Anger is a result of thinking that we have been unfairly treated or disrespected, or that others have broken or fallen short of our rules, standards or expectations, and we won’t stand for it.
Thinking this way leads us to feel angry, which stimulates the body’s adrenaline response which is our body’s way of helping us to cope with either fighting, or running away (‘fight or flight’ response). We respond to those thoughts and feelings, by acting, or feeling an urge to act, in threatening or aggressive ways.
Thoughts that often occur:
1. I’m being treated unfairly
2. I’m being disrespected
3. They’re breaking a rule or standard
4. I won’t stand for it
Physical Sensations – The Adrenaline Response
When there is real, or we believe there is a real, threat or danger, our bodies’ automatic survival mechanism kicks in very quickly. This helps energise us to fight or run away (‘fight or flight response’). We will notice lots of physical sensations, which might include:
1. heart racing or pounding – enabling good blood supply around our bodies
2. breathing quickly – allowing more oxygen around the body
3. tense muscles – a state of readiness to fight or flee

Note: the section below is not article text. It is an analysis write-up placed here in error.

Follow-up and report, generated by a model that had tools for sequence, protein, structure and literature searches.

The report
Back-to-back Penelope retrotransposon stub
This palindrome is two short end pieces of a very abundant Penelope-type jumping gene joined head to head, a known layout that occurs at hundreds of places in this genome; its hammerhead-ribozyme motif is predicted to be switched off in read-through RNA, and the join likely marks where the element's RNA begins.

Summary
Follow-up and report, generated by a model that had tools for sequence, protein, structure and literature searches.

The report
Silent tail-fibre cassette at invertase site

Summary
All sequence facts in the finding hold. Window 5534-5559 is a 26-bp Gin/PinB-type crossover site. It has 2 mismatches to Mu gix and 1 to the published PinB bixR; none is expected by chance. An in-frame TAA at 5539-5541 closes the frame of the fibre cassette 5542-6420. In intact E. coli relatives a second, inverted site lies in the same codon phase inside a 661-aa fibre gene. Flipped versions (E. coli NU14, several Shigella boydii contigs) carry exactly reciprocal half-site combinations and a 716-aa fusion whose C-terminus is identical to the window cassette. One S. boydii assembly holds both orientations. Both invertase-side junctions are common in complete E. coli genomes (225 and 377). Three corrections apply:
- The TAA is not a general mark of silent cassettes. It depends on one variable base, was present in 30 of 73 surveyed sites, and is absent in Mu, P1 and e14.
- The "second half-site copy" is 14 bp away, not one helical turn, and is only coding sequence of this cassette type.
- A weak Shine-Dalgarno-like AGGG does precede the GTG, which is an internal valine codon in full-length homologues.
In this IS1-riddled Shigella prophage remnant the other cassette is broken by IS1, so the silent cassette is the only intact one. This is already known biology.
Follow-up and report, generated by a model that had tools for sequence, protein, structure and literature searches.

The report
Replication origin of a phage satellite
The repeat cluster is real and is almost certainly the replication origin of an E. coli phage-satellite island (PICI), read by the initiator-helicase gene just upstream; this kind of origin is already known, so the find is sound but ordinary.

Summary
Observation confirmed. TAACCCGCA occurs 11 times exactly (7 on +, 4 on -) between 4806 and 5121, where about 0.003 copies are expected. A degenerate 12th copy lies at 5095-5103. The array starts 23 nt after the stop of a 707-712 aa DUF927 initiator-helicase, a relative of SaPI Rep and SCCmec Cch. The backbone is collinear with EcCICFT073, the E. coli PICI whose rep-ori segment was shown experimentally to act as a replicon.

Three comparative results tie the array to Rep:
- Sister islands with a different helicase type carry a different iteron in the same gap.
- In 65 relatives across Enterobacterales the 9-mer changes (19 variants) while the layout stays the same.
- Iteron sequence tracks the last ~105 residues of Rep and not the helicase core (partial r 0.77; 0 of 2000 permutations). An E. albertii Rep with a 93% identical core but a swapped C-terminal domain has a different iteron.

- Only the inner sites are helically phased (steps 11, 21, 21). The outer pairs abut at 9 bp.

5. hot, sweating
7. stomach churning or butterflies
8. fist or teeth clenching
Behaviours might include:
1. staring & facial expression
2. aggressive body posture
4. hit out (or urge to hit out)
7. run or storm away
8. don’t talk
The Anger Cycle
We all feel angry some times. Some people tend to become angry easily (a “short fuse”), and some have problems controlling their anger. Anger has consequences, and they often involve hurting other people – more usually their feelings, but sometimes physically. Anger can cause problems in our personal lives, and affect work and study. After an angry outburst, we can think very critically of ourselves and our actions, leading us to feel guilty, ashamed and lower our mood, which might result in our withdrawing from others, not wanting to do anything.